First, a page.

|Klaske Van Heusden||Electrical & Computer Engineering, Applied Science||16th IFAC Symposium on System Identification - July 2012||Brussels, Belgium|
|Fabien Burki||Centre for Microbial Diversity and Evolution, Science||PROTIST 2012, July 2012||Oslo, Norway|
|Angelica Gonzalez||Zoology, Science||Gordon Research Conference, July 2012||Maine, USA|
|Ruther Webster||Chemistry, Science||18th International Symposium on Homogenous Catalysis, July 2012||Toulouse, France|
|Brent Chamberlain||Insitute for Resources, Environment and Sustainability, Science||3rd International Conference on Computational Sustainability, July 2012||Copenhagen, Denmark|
|Stephan Pless||Anesthesiology, Pharmacology and Therapeutics, Medicine||Gordon Research Conference: Ion Channel, July 2012||South Hadley, MA, USA|
|Cormac Flynn||Electrical & Computer Engineering, Applied Science||Congress of European Society of Biomechanics - June 2012||Lisbon, Portugal|
|Rishi Somvanshi||Pharmaceutical Sciences||Endocrine Society Conference - June 2012||Houston, TX, USa|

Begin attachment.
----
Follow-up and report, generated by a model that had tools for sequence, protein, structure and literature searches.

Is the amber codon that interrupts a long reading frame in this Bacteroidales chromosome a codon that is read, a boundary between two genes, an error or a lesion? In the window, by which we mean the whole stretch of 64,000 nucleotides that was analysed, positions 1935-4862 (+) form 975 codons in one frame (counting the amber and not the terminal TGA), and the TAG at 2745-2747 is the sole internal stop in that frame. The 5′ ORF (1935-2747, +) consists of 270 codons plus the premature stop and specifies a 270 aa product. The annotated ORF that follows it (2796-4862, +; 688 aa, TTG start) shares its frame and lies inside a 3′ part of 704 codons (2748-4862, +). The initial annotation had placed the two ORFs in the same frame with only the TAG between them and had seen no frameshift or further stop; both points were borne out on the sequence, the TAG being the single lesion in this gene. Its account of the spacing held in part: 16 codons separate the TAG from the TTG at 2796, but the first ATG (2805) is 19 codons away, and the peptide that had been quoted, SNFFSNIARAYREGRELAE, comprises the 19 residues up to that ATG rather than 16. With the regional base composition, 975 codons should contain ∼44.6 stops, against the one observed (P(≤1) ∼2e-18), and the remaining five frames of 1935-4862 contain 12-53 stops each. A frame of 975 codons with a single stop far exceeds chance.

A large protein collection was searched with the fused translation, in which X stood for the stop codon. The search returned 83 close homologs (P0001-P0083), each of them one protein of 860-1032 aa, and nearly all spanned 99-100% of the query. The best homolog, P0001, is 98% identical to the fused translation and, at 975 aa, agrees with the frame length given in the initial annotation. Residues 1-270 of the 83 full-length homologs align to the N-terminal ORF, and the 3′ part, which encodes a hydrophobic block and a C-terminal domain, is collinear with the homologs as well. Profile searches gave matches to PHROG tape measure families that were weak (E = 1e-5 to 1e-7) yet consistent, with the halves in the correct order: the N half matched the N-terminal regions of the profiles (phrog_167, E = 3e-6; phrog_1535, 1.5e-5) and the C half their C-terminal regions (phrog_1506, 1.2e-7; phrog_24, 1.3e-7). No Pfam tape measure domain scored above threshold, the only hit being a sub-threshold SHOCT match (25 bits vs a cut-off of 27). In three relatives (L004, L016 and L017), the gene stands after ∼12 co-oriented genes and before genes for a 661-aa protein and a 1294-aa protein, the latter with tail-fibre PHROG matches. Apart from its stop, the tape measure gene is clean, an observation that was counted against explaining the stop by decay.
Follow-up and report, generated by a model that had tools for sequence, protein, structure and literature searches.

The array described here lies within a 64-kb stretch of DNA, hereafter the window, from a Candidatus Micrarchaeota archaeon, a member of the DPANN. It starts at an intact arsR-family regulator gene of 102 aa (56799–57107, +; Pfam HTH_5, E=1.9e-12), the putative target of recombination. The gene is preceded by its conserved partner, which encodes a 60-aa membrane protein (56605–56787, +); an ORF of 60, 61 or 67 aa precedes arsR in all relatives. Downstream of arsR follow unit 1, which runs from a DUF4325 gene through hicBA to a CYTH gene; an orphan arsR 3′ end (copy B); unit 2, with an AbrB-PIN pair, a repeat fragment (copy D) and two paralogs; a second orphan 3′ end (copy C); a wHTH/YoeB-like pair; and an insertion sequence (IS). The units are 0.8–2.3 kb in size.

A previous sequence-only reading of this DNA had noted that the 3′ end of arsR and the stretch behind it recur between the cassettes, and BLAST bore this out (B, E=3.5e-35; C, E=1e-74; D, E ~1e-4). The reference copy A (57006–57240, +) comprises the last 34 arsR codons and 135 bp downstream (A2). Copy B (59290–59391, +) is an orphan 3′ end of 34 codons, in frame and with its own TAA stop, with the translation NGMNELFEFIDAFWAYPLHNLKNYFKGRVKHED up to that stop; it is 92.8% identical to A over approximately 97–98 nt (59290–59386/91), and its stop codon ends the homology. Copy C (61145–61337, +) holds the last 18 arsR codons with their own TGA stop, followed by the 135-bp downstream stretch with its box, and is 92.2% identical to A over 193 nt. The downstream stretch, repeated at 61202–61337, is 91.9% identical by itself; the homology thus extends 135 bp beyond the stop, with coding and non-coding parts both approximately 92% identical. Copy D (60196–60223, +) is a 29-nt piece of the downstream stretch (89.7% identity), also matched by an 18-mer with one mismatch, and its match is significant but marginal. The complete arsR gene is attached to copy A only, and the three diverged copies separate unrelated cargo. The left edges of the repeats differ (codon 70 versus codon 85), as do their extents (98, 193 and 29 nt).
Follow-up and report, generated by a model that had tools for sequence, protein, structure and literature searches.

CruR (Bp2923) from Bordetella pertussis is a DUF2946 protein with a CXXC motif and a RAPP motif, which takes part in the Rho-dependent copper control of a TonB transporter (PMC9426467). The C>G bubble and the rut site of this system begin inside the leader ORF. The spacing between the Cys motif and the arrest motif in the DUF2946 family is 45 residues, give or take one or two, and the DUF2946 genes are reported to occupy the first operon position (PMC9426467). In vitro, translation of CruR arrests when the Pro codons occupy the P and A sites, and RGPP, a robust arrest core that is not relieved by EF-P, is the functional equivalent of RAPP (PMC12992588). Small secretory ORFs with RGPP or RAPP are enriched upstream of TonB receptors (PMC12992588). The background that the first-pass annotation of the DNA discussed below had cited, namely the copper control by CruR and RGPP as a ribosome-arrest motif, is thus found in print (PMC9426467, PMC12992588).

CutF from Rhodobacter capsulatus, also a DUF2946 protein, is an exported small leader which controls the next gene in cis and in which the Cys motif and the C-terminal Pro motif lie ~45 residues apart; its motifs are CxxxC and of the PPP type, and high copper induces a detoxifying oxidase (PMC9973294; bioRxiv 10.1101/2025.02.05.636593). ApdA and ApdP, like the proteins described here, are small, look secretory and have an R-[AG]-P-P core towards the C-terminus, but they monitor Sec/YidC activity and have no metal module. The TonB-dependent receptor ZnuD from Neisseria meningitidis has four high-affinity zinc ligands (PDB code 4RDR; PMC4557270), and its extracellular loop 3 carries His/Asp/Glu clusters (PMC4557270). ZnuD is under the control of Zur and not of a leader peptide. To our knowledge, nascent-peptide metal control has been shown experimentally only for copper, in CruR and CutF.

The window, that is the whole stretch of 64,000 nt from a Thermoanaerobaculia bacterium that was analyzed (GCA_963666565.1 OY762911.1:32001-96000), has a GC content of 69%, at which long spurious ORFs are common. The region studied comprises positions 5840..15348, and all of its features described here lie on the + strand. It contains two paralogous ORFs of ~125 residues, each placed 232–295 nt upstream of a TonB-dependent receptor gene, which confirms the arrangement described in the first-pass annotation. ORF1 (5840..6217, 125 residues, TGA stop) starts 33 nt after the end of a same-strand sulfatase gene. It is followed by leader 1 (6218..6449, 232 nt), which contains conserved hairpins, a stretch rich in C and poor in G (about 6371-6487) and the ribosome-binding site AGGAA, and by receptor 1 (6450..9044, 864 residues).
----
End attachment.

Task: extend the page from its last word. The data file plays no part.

|Xiu Mei Kang||Mechanical Engineering, Applied Science||International Society for Computer Assisted Orthapaedic Surgery - June 2012||Seoul, Korea|
|Allan Craigie||Political Science, Arts||Canadian Political Science Association Annual Conference - June 2012||Edmonton, AB|
|Michael Baker||Theatre and Film, Arts||Music and Moving Image- June 2012||New York, NY, USA|
|Sophia Woodman||Institute of Asian Research||Modes of Activism and Engagement in the Chinese Public Sphere- April 2012||Singapore|
|Katja Anttila||Zoology, Science||Society of Experimental Biology (SEB) Annual Meeting, June 2012||Salzburg, Austria|